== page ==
On February 20, 2009, the VAMC-Manchester, the NH DHHS, Harbor Homes, Inc. and other Community Partners convened a conference to help bring military and civilian resources together. The goal was to begin building a military and civilian partnership. Addressing homelessness among veterans in NH was one of four (4) priority areas of this conference and, as a result of the conference, the VHC was created. The purpose of the VHC was to specifically identify the needs of homeless veterans; improve collaboration between the VAMC-Manchester,

  • 2

    VAMC-WRJ, NH DHHS and Community Partners; and to improve coordination and relationships among agencies to better serve homeless veterans. At a meeting of the VHC on September 25, 2009, the Committee proposed that their ultimate goal should be the elimination of homelessness among veterans living in NH. Currently, there are a number of ways homeless veterans are counted in NH. The NH Homeless Management Information System (HMIS) database contains data on homeless veterans served by state and federally-funded homeless assistance programs such as outreach, shelters, transitional and permanent supportive housing. The annual NH Point-in-Time (PIT) count, a one-day count of the NH homeless, also identifies veterans, as does the US Department of Housing and Urban Developments (HUDs) newly required Veterans Annual Homeless Assessment Report (AHAR). In addition, both VAMCs (Manchester and White River Junction) have a process for identifying homeless veterans served. In calendar 2009, NH HMIS identified 428 veterans who were homeless with estimates ranging as high as 600. The NH Ten-Year Plan to End Homelessness (2006) and data on the Total Unduplicated Number of Veterans in NH State-Funded Emergency Rooms through SFY 08 indicates that the number of homeless veterans in the State has declined over the last several years. This has been achieved in large part through the successful implementation of transitional and permanent housing programs through the VA, the Veteran Administration Supportive Housing Program (HUD-VASH), and community partnerships.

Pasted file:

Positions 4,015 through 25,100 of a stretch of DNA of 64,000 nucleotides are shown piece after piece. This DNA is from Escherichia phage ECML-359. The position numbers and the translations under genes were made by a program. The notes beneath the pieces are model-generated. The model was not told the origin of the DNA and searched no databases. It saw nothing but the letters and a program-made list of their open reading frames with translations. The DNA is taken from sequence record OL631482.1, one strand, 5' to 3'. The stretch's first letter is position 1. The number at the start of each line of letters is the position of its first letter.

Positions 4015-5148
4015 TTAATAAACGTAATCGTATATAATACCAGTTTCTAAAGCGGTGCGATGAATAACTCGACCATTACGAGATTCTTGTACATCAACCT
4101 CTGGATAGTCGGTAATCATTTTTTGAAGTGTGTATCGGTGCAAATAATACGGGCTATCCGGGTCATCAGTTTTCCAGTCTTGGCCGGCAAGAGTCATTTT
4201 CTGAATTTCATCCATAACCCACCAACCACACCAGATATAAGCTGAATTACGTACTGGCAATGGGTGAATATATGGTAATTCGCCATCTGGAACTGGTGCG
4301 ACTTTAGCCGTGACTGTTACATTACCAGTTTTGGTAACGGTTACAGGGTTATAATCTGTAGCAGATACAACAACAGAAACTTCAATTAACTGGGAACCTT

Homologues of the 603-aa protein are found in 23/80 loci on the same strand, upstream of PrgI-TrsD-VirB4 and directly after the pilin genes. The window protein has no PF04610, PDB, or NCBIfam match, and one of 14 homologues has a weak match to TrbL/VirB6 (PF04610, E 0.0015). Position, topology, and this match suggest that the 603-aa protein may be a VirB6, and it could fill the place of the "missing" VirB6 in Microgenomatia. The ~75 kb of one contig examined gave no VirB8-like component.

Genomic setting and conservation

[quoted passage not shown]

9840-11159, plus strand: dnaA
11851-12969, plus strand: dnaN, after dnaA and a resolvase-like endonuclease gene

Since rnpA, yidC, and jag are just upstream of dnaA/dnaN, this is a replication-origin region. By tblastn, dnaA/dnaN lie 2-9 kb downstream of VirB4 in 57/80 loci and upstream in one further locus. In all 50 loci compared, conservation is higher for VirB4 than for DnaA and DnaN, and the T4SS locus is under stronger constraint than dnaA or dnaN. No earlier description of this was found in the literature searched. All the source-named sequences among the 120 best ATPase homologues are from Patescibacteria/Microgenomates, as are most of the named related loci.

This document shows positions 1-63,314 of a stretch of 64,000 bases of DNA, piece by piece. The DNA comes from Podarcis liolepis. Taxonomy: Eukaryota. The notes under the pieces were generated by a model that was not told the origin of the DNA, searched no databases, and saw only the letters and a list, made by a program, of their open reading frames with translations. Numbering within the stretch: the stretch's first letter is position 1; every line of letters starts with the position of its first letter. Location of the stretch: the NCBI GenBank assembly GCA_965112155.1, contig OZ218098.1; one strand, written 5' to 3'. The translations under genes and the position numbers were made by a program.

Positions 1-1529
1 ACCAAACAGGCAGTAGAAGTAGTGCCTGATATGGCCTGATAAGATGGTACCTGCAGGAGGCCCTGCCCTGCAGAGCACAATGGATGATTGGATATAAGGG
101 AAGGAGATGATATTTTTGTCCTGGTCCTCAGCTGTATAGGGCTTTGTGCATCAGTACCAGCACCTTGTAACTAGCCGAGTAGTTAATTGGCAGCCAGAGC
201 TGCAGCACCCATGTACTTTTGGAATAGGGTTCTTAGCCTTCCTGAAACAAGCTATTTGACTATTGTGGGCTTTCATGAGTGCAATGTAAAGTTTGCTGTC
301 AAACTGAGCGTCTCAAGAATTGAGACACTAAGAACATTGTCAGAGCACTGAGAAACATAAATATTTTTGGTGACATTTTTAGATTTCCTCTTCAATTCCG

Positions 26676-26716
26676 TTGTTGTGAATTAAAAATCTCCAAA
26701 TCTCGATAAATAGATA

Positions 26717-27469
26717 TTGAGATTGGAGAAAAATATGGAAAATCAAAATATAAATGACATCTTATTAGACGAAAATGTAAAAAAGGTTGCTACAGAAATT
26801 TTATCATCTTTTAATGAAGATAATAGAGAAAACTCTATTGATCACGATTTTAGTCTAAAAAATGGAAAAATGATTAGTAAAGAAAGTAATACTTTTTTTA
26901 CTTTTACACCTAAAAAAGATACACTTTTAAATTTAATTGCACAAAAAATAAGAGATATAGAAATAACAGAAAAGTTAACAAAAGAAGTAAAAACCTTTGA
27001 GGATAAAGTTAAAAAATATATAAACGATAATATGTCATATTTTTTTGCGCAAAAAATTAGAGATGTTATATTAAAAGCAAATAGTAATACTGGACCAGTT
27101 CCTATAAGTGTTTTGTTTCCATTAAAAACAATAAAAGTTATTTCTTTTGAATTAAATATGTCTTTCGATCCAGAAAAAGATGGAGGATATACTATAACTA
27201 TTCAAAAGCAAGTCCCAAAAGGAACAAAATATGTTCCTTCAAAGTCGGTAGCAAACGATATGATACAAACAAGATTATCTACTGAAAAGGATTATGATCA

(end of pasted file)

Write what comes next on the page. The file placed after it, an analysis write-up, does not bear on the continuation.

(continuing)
• 3

    On November 3, 2009, the VA announced a plan to end homelessness among veterans in five (5) years. Their comprehensive plan is built upon six (6) strategic pillars. This includes, but is not limited to, the following preventative measures:

    o programs for justice-involved veterans such as linkage to VA services to homeless veterans in treatment courts and discharge planning for incarcerated veterans re-entering society;

    o supportive services for low-income veterans and their families; and o a national referral center to link veterans with local service providers as well as expanded

    efforts for education, jobs, health care and housing.

    The NH plan to end veteran homelessness comes at a time when NH is facing significant challenges. The NH National Guard and NH Reserves are preparing for the largest deployment in its history. During the coming months, over 700 Army and Air Guard and over 600 Reservists will be deployed. NH's response has been to engage in unprecedented partnerships in an effort to ensure that all service members and their families are being supported. One example of this effort is the Deployment Cycle Support Program (DCSP). DCSP is a unique partnership, managed by Easter Seals of New Hampshire, between the NH National Guard, NH DHHS and a network of civilian social service organizations. Experienced staffs from the civilian network provide care coordination to military members and their families who are engaged in the deployment cycle. This i